We all really enjoy how we have come together, no planning of this whatsoever, and now we basically all trek together, eat together, do our wash together, sleep together in the same room, take care of each other, talk, console, help, refresh, and . . . be at peace. We enjoy the clarity of unconditional friendship. All positives. And even if we get spread out on the path during the day, no problem, we plan to meet at the next stop, A Fonsagrada, and all stay where we are right now, at Albergue Cantábrico, which was highly scoped out by Jessi and her two sisters from Idaho (they do great recon on the next stops).

 And so we get ready for what’s coming. Expectation is good. We have all worked on something in our life. Doesn’t matter what, although we have talked about whatever “it” is constantly. Everyone talks, and it’s all so good. And when an hour goes by, or more, with no talk . . . and we walk, step by step, step by step . . . we grow.

 The days are long. They start in one city and end in the next. We absorb the towns as best we can. Today, we were mostly in the mountains, then came into El Acebo where we had lunch – and this was where we basically had made the transition from Asturias to—GALICIA. We have come into the province where Santiago is located and . . . we talked about it. What to expect, how to accomplish the permanent good changes in our lives that we want, that we don’t tell the outside world too much about, because being on the Camino can’t be explained very easily. So, we get ready. The days are long, and it’s a good thing. If only life could be like this all the time. Nice long days, filled with peace, experience, and growth. We know that peace is mostly an inside job, but it does seem clear to us that God has placed certain areas in the world for people to go to . . . to really feel and be at peace. Even for a while. Maybe just to get a baseline. To know.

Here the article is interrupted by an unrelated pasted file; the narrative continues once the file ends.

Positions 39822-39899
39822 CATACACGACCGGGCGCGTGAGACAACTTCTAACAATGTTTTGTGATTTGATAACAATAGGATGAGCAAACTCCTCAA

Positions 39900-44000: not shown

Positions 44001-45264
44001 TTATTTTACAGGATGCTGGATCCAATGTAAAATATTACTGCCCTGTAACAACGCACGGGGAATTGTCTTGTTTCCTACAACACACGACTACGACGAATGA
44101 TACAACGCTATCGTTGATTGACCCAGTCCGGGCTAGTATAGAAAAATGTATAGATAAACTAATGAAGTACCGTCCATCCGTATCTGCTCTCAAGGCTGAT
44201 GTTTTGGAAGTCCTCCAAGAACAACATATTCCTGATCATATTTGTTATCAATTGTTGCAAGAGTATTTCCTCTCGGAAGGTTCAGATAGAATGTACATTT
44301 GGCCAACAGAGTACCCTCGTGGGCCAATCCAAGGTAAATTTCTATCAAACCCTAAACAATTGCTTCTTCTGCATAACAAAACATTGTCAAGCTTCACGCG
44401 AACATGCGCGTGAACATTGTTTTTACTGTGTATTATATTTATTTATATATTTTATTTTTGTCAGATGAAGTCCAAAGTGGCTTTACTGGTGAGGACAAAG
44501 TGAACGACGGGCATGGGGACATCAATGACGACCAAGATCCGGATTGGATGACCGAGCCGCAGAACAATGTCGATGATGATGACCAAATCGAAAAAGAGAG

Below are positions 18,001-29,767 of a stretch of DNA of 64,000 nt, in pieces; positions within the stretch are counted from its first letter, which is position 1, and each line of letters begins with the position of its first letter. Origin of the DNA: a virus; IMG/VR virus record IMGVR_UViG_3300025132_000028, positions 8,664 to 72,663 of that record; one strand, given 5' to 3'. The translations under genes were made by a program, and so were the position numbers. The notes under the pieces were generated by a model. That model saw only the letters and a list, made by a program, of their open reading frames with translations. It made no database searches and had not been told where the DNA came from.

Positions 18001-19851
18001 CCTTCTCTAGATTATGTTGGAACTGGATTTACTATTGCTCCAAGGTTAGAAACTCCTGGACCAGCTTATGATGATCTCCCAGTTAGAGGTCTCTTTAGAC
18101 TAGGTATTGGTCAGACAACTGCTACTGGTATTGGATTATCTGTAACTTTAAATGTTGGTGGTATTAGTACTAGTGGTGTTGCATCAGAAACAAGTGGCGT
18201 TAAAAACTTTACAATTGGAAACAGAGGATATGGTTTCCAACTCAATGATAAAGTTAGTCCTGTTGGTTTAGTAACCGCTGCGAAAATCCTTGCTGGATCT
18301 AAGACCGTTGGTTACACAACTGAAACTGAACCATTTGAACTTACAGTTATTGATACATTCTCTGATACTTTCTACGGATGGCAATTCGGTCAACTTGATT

And so, we trekked on. And one by one reached today’s destination, picked out by the Idaho sisters, Cantábrico. And before we know it, we are all here, we’ve checked in, got our pilgrim passports stamped, we’re planning a pilgrims dinner, we’re planning to play games tonight, we’re doing our wash, and
 . . . I sit here in the little kitchen, the vortex of energy, and I see so many friends around me . . . doing, preparing, talking, singing, folding clothes, laughing, writing, and before all of this, I only knew one of them, Carlos de la Camara,
 and now I know all of them.
 Camino friends.
 People that really want to be ready
 and they know what that means.

 Santiago is coming.
 . . .

Albergue Juvenil, Post 43 44, Carlos, Willi, Leo and Tom
Albergue Juvenil in Castro, Carlos, Willi, Leo, Tom

Crossing the line from Asturias to Galicia, Post 43 44, Tom
Crossing the line from Asturias to Galicia

Heading to A Fonsagrada, Post 43 44, Carole, Christina, Carlos, Tom
Heading to A Fonsagrada, Carole, Christina, Carlos, Tom

A Fonsagrada, Post 43 44, Christina, Leo, Tom Sampling Octopus!
Made it to A Fonsagrada; Christina, Leo, Tom, Sampling Octopus!